Brexit Seems To Benefit The Tiny Nation Of Luxembourg
AILSA CHANG, HOST:
Remember Brexit? That has already happened, but the U.K. and European Union are still trying to agree on what their post-divorce relationship will look like. And it is not going well. But not everyone loses in a divorce. It seems the tiny European nation of Luxembourg is one of the biggest winners. Reporter Rebecca Rosman wanted to find out why.
REBECCA ROSMAN, BYLINE: The first thing you need to know is that even Luxembourg isn't that proud of being called a whiner when it comes to Brexit.
GILLES WALERS: It's a disaster from a European perspective.
ROSMAN: Gilles Walers is a legal adviser at the Luxembourg Bankers Association. As a European, he says he's devastated to see Britain leave the EU. But as someone who also works in the financial sector, he's got to admit Brexit has been pretty good for business.
WALERS: We have around 73 new companies which have come to Luxembourg as a direct result of Brexit, so that's quite enormous.
ROSMAN: Those companies include big names like JPMorgan, UBS and Credit Suisse, making Luxembourg second only to Ireland when it comes to the number of companies relocating at least part of their European operations from London. Walers says, sure, if this was a beauty contest, people would probably head to Paris or Berlin. But after the chaos of Brexit, this is a stability contest. And Luxembourg, with its triple-A credit rating, wins on that.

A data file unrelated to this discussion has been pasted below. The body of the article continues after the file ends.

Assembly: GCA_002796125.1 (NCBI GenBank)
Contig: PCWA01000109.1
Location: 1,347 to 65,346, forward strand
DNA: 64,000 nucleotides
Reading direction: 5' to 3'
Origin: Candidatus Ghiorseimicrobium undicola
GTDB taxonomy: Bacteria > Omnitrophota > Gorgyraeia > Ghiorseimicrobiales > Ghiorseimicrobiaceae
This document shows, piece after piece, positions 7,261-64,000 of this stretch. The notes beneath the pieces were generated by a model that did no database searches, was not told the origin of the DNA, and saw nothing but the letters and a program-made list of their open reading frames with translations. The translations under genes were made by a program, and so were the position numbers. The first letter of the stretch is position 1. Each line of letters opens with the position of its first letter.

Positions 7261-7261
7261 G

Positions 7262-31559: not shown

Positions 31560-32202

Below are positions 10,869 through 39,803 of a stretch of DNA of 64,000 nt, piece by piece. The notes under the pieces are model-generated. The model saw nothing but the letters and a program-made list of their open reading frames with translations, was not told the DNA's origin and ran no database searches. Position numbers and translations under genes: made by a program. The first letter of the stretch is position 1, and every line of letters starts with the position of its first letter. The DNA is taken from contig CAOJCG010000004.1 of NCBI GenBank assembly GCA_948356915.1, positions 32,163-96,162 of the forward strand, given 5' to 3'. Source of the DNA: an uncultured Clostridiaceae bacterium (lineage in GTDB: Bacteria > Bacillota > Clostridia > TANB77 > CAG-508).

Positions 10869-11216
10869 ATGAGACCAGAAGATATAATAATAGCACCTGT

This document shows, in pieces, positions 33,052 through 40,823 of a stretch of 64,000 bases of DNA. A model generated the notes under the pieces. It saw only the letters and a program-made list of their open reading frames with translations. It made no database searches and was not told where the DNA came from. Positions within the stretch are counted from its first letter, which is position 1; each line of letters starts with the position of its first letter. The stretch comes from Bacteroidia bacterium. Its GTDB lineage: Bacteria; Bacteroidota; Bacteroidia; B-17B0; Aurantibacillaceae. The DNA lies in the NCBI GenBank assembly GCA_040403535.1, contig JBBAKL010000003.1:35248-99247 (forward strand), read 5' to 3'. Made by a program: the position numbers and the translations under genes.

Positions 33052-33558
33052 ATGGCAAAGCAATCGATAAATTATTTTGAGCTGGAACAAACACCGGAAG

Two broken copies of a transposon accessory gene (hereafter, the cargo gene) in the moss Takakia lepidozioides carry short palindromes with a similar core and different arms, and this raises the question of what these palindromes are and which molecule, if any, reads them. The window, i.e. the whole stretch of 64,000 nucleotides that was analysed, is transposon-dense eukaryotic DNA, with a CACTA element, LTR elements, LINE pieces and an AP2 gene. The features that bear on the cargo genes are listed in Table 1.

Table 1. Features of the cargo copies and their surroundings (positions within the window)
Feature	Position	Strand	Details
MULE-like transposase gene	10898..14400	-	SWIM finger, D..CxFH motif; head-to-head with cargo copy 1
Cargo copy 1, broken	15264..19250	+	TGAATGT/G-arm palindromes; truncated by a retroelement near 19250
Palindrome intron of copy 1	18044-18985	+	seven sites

WALERS: And that makes it very attractive for firms to come into a new place where they know they are not going to be faced tomorrow with a completely new political leadership and a completely new economic direction.
ROSMAN: There's also the geography. Just an hour's plane ride from London, the Grand Duchy of Luxembourg is an easy entry way into the European single market. Analysts say the uptick in business has already led to around 3,000 new jobs for Luxembourg, but some say the benefits won't last long. Carlo Thelen heads the Luxembourg Chamber of Commerce. The day before the Brexit vote in 2016, he published an editorial in The Guardian saying Brexit would be disastrous for everyone involved. Four years later, he says...
CARLO THELEN: I think I was right.
ROSMAN: Sure, the job creation is nice, but the U.K. departure is a huge loss for the European single market.
THELEN: I think the project of the European Union always was aimed to set up a single market, a competitive and a single market without borders allowing a free flow of capital, goods, services and people. And Brexit is absolutely the contrary of that.
ROSMAN: With Brexit trade talks still shaky at best, the U.K. may end up cut off from the single market entirely, leaving everyone in the divorce feeling a little shortchanged.
For NPR News, I'm Rebecca Rosman.
NPR transcripts are created on a rush deadline by Verb8tm, Inc., an NPR contractor, and produced using a proprietary transcription process developed with NPR. This text may not be in its final form and may be updated or revised in the future. Accuracy and availability may vary. The authoritative record of NPR’s programming is the audio record.